I had a feeling this ‘Obamacare Spanish site is in Spanglish!’ kerfuffle was more hypocritical wingnut concern trolling. Particularly since as Monoceros Forth points out, this fresh faux outrage seems to be coming mainly from the same sorts who want to ban the use of any language but English in the federal government and its official communications anyway.

  10. Monoceros Forth says:

    I suppose you’d have to draw a quite arbitrary line in time somewhere. Drawing that line at the date of the publication of the King James Bible would probably appeal to the reactionaries. That would be a fairly convenient date also because Shakespeare had completed most of his best work by that time so we’d be able to keep his innovations.

  11. Monoceros Forth says:

    We are doomed, aren’t we? I’ve always striven to use literate English even in text messages and tweets; after all, it’s not as though typing “u” instead of “you” saves more than a few tenths of a second. It’s difficult not to pick up some of the bad mannerisms, however. How did “OK” turn into “kk” for example?

  12. Thom Allen says:

    Let’s just look at a native English speaker speaking – well – English.

    “People say, well, do you ever hear any other voices other than, like, a
    few people? Of course I do.”

    “The people in Louisiana must know that all across our country there’s a
    lot of prayer — prayer for those whose lives have been turned upside
    down. And I’m one of them.”

    “I’ll be long gone before some smart person ever figures out what
    happened inside this Oval Office.”

    “So long as I’m the president, my measure of success is victory — and

    “I remember meeting a mother of a child who was abducted by the North
    Koreans right here in the Oval Office.”

    They misunderestimated me.”

    “There’s an old saying in Tennessee—I know it’s in Texas, probably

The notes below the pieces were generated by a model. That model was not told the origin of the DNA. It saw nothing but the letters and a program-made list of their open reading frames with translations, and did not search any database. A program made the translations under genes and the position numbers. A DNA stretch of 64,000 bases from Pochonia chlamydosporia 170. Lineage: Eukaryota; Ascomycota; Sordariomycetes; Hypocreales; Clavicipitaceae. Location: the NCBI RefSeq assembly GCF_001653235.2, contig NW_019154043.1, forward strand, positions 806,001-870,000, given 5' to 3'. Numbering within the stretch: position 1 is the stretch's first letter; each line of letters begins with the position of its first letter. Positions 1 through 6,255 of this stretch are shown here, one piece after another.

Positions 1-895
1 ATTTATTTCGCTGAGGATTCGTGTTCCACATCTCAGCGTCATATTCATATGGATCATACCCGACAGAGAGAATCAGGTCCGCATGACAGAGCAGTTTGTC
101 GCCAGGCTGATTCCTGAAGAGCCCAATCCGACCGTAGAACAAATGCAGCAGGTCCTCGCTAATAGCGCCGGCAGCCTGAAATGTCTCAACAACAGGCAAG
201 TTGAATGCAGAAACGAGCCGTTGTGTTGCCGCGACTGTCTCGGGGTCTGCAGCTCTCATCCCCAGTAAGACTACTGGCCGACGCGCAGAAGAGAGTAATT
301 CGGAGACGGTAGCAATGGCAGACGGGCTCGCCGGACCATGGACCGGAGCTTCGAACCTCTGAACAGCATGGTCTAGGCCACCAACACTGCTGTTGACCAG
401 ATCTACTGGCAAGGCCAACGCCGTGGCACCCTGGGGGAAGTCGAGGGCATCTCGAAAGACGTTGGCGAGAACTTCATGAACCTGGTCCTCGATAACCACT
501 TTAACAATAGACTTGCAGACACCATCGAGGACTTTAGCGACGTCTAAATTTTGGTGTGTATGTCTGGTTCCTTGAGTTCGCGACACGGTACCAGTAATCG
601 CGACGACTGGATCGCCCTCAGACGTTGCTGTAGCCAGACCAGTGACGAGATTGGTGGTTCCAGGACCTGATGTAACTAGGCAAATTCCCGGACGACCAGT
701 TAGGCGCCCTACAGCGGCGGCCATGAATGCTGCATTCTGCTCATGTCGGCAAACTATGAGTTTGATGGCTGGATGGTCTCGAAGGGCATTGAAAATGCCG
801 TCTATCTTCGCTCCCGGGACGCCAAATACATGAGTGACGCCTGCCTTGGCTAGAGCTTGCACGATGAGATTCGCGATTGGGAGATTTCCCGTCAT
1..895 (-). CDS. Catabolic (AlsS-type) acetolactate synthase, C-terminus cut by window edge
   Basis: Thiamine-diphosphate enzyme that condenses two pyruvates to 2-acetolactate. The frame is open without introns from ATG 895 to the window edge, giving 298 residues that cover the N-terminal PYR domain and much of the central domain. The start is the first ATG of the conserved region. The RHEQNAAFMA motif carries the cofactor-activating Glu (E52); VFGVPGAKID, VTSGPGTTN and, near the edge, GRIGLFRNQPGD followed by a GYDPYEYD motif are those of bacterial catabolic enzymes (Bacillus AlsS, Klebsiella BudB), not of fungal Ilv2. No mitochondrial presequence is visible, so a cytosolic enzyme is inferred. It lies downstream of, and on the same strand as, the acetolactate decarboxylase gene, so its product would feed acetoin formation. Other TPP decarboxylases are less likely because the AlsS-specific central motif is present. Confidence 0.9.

in Tennessee—that says, ‘Fool me once, shame on…shame on you. Fool me —
    you can’t get fooled again.'”

    “Too many good docs are getting out of the business. Too many
    OB-GYNs aren’t able to practice their love with women all across this

    “For every fatal shooting, there were roughly three non-fatal
    shootings. And, folks, this is unacceptable in America. It’s just
    unacceptable. And we’re going to do something about it.”

    “One of the things I’ve used on the Google is to pull up maps.”

    “Families is where our nation finds hope, where wings take dream.”

    “I’m telling you there’s an enemy that would like to attack America,
    Americans, again. There just is. That’s the reality of the world. And I
    wish him all the very best.”

    “Our enemies are innovative and resourceful, and so are we. They
    never stop thinking about new ways to harm our country and our people,
    and neither do we.”

    “I couldn’t imagine somebody like Osama bin Laden understanding the joy of Hanukkah.”

    “You bet I cut the taxes at the top. That encourages
    entrepreneurship. What we Republicans should stand for is growth in the
    economy. We ought to make the pie higher.”

    “Rarely is the question asked: Is our children learning?”[

    “As yesterday’s positive report card shows, childrens do learn when standards are high and results are measured.”